Fine Art Auction House Advice
With all appraisals, you receive free advice on marketing your art and antiques. Auctions are just one venue we help you explore.
Which type of auction house is always a difficult decision. There are local, national, mail order, foreign and Internet. Some charge as little as 3%; others up to 50% of the sale price. Some houses appear to charge reasonable rates but have outrageous hidden charges for catalog illustrations, delivery charges, insurance and buy-back commissions. One Chicago auction house, that conveniently goes in and out of business, has their fees so set if minor items don’t bring a certain price, you end up owning them money and receive nothing.
Many items sell better overseas (Old Master paintings) while others sell better on the West Coast (Chinese artifacts) and some out East (Currier and Ives prints). Some don’t do well at auction (Erte prints). A few items sell only through one firm (books). One category (antiquities) now requires extensive documents that it was acquired and exported legally. Some collections contain items that should be divided and sent to several different specialist auction houses. An estate executor who just dumps everything into one house is irresponsible.
Many items are seasonal. Some sell better in summer (ship paintings) while other in winter (snow landscapes). Most auction houses will not tell you about any of this. They want your items now and will tell you anything to get you to consign to them.
Will the fine art auction house even catalog your items properly? The big auction firms have experts on staff but small Chicago and regional firms have only a couple of people who pretend to be “Jacks of all trades.” This is why, in the front of their catalogs, they say “are statements of opinion and not to be relied upon as statements of fact.” This is so you can’t sue them for their mistakes.
The art/antique world is filled with stories about auction houses that performed shoddy research and sharp specialized dealers that purchased an item from them, and then re-consigned it, properly cataloged, to the correct auction where it would do best.
Learn how to avoid the famous auction house “bait and switch.” They tell you your item will fetch a high value to get you to ship it to them and sign the contract. Then afterwards, when they think you won’t want to be inconvenienced by having it sent back, they tell you they’ve reconsidered and now believe it should have a dramatically lower value. We’ve helped many collectors, like you, re-ship the item to a more reputable venue. The auction world is filled with firms that have recently been fined and/or have had their executives serve prison terms. (One of their understudies just opened an auction house in Chicago). Just read the fine print in an auction contract. If they say one of your items is authentic and after it is sold, it turns out to be a fake, you have to refund the money for their mistake. (A Wisconsin family had to do this on a blatantly miscataloged Van Gogh sold by a Chicago auction house to get publicity). Don’t be another Chicago auction house victim!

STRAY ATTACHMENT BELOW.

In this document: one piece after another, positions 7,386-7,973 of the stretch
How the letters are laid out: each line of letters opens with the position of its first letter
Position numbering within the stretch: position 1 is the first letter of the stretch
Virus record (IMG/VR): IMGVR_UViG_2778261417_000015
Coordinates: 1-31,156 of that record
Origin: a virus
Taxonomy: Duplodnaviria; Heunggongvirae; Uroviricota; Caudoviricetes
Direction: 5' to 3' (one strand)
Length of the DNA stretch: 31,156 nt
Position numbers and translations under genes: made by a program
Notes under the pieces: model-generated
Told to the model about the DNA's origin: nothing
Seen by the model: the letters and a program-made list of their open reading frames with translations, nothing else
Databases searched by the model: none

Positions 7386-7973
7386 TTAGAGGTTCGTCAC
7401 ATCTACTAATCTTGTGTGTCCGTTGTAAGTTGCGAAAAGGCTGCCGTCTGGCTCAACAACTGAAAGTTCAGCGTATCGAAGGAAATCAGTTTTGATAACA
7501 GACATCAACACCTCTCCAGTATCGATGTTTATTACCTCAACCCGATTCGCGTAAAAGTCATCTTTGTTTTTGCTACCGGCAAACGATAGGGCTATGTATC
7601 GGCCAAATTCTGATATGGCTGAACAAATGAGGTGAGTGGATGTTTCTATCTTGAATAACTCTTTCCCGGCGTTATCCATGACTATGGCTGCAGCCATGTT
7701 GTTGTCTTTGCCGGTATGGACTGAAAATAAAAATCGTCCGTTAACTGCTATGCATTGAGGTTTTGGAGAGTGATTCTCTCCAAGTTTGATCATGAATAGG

Before sending anything to auction, get an independent appraisal that contains thorough research. Get an auction market evaluation of where and when your art/antiques will do best. Get an idea of your tax liabilities and how to legally reduce them. Upon receipt of your auction proceeds, they send you a W2 IRS form. You must then pay tax on this income. We advise you which firm best meets your needs and how to reconstruct your cost basis to minimize your tax. Our cost basis appraisals are guaranteed to be accepted by the IRS. No auction house offers such independent tax advice. We know how to get low dealer consignment rates and eliminate costly insurance fees. We even help with packing and shipping. We offer advice on placing expensive items in trust to eliminate capital gains tax (as high as 38%). We advise on advantages of overseas auctions to be paid in a stronger currency (British Pound) than the present US dollar. No other appraisal firm offers such complete service. We don’t buy or sell art/antiques. We represent only you. Our appraisals don’t cost — they pay for themselves or we’ll refund your money. Ask the auction house if they’ll refund your packing, shipping, insurance and illustration cost and not charge you a buy-back fee if the item doesn’t sell. You’ll soon see if they really believe in your art/antiques.
Minimum fee $125.00